Dr. David Clark,DC -Raleigh-Durham-Chapel Hill Functional Neurologist explains why corn is a dangerous food if you have gluten sensitivity or Celiac disease.
The #3 Most dangerous food if you have gluten sensitivity, Celiac disease or following a gluten-free diet is Corn.
- Corn is #3.
- Brewer’s and baker’s yeast (saccharomyces cerevisiae) is #2.
- Milk products of all kinds are #1.
So let’s talk about corn a bit...
This information about corn and gluten comes from two places:
- a conference that I attended in October 2012
- a paper by Dr. Aristo Vojdani published in January 2013. Here's the link to that paper
They discovered that corn "cross-reacts' with gluten antibodies.
Cross-reaction occurs when the antibodies that the body is making to tag one food (gluten, in our example) attach to a different food (corn) that is not the original food. This is called cross reaction.In Celiac disease or gluten sensitivity (let’s not debate the semantics, they’re functionally the same thing) you have a problem with gluten. Your immune system is reacting to gluten and is trying to kill it, so it makes antibodies to tag the gluten.
Antibodies are like little flashing, adhesive strobe lights that are designed to attach onto the gluten protein so that the immune system cells can find it and try to kill it.
When those antibodies attach to some food that’s NOT gluten --because that food looks SIMILAR to gluten--that’s called cross reaction.The recent Vojdani study confirms that the #3 offender of all foods that they checked was corn.
Just for clarity’s sake, I want you to understand that Celiac disease is only one kind of gluten sensitivity. It’s not the only kind and really it’s just a semantic difference. Celiac disease is basically where the immune system problem transitions into a certain kind of autoimmune attack. But for practical purposes, you’ve got a gluten problem.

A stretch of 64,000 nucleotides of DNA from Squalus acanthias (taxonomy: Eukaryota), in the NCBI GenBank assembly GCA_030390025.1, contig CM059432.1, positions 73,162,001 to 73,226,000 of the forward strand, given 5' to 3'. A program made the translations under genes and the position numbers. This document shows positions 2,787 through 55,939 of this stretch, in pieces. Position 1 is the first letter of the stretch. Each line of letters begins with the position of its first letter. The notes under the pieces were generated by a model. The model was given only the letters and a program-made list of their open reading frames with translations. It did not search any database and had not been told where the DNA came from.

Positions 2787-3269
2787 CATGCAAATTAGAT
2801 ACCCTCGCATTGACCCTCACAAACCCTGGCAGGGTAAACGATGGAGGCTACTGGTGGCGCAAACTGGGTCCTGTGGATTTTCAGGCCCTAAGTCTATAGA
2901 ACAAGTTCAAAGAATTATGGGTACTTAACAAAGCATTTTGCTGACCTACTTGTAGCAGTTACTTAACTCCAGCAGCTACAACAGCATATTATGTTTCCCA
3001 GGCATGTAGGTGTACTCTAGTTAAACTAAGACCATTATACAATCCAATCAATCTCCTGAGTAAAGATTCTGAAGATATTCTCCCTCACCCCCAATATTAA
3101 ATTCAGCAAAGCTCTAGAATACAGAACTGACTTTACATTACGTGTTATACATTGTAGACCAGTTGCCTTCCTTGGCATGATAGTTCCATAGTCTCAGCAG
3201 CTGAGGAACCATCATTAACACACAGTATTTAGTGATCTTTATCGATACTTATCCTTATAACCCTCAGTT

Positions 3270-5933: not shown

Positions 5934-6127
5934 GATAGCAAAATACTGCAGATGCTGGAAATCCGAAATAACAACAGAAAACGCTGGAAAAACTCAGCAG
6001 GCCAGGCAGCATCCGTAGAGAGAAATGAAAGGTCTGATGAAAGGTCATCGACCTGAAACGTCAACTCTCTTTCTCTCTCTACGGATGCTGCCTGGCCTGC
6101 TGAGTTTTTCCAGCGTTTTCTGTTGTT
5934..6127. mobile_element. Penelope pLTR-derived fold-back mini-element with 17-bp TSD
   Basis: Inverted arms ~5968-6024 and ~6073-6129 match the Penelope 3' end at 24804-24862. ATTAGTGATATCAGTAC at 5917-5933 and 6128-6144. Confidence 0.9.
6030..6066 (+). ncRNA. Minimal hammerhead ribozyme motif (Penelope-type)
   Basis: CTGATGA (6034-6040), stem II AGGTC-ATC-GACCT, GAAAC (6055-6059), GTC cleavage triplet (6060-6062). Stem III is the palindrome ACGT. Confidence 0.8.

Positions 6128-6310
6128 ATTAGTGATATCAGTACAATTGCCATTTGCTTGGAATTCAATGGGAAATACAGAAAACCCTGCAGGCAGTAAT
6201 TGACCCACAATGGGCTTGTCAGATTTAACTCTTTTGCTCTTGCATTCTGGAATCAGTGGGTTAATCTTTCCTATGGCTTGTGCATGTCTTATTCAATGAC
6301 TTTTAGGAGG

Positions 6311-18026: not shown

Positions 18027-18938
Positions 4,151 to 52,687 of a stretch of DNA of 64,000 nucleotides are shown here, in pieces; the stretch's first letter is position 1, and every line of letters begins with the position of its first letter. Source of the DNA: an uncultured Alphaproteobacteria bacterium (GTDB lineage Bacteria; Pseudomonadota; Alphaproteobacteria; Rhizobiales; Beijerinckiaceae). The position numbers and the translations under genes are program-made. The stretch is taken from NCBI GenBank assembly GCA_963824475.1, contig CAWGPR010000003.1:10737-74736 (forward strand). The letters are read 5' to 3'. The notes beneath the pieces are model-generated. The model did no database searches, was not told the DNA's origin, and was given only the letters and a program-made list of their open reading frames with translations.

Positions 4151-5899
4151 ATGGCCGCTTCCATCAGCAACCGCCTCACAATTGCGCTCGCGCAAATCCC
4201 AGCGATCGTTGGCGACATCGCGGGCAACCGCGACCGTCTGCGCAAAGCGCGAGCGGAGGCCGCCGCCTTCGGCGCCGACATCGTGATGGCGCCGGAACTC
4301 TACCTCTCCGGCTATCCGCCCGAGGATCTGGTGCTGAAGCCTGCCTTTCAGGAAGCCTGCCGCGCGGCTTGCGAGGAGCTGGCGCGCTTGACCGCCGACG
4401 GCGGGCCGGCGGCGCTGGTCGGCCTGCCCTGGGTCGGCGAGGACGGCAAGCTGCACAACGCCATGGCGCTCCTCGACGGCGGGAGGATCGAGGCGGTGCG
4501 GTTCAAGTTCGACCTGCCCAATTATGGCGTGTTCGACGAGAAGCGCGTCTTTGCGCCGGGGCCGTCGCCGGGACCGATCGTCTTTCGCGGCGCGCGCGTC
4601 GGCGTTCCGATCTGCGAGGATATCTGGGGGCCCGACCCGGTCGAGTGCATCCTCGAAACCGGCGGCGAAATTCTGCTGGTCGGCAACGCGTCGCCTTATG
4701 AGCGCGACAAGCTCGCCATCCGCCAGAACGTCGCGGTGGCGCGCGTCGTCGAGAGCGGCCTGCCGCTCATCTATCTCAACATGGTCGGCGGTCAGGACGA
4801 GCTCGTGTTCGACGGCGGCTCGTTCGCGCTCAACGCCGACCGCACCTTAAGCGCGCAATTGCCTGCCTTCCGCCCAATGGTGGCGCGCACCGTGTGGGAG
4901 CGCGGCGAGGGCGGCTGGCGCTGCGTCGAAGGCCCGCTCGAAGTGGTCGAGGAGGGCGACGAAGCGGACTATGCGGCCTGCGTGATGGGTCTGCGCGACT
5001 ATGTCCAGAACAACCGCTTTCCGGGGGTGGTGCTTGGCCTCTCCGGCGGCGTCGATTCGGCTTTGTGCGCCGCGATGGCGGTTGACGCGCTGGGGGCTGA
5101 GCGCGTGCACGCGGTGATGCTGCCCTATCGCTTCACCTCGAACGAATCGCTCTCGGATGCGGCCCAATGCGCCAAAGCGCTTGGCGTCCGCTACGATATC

When you’ve got a gluten problem and you make these antibodies to gluten, they can attach to corn. You eat corn even though it’s NOT gluten and you have a gluten-like immune system inflammatory response to the corn.
I know this happens because I’ve seen this clinically in so many patients.
A lot of people make a big mistake when they decide they’re going to eat gluten-free and here’s how this usually happens:
The person gest sick...
...Have all kinds of unexplained symptoms for years...
...Finally get diagnosed with an autoimmune condition like Hashimoto’s, rheumatoid arthritis, Type I diabetes, Vitiligo, Multiple sclerosis...
...Decide to go on a gluten-free diet...
...And they start a "gluten-free" diet but---they start eating cross-reactive foods like milk, yeast, corn. (But they didn't know the danger).
When they start the gluten-free diet, maybe it doesn’t do that much for them and they start wondering...
"Is there something wrong with me? This gluten-free diet thing doesn’t work!"
But the gluten-free diet DOES work, if you do it the RIGHT WAY.
The WRONG WAY:
Going from eating gluten to immediately eating gluten-free alternatives that you didn’t eat that much of before....but now you’re eating a lot of...alternatives such as corn.
Corn is in many gluten-free processed foods like breads, cookies, pastas etc. You need to know that corn may be a major problem for you.
In my patients, I always recommend they eat no grains (and other foods) at all for a period of time so that they can avoid these cross-reactive foods.
My main thrust today was to let you know that corn is a cross-reactor with gluten antibodies. (Just for you technical people, the specific problematic part of corn is called lipid transfer protein.)
Now the last point...
To be fair, just because corn can cross-react and certainly does cross-react, it doesn’t mean that corn IS cross-reacting all the time in every individual patient.
But for many people with gluten sensitivity, Celiac disease who are trying like heck to live gluten-free...
Corn is cross-reacting and causing serious problems.
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© 2013 David Clark. All Rights Reserved.
Dr. David Clark, DC
Functional Neurologist (FACFN)
Diplomate College of Clinical Nutrition
Board Certified Chiropractic Neurologist
Vestibular Rehab Specialist (ACNB)
1515 W. NC Hwy 54 Ste 210
Durham, NC 27707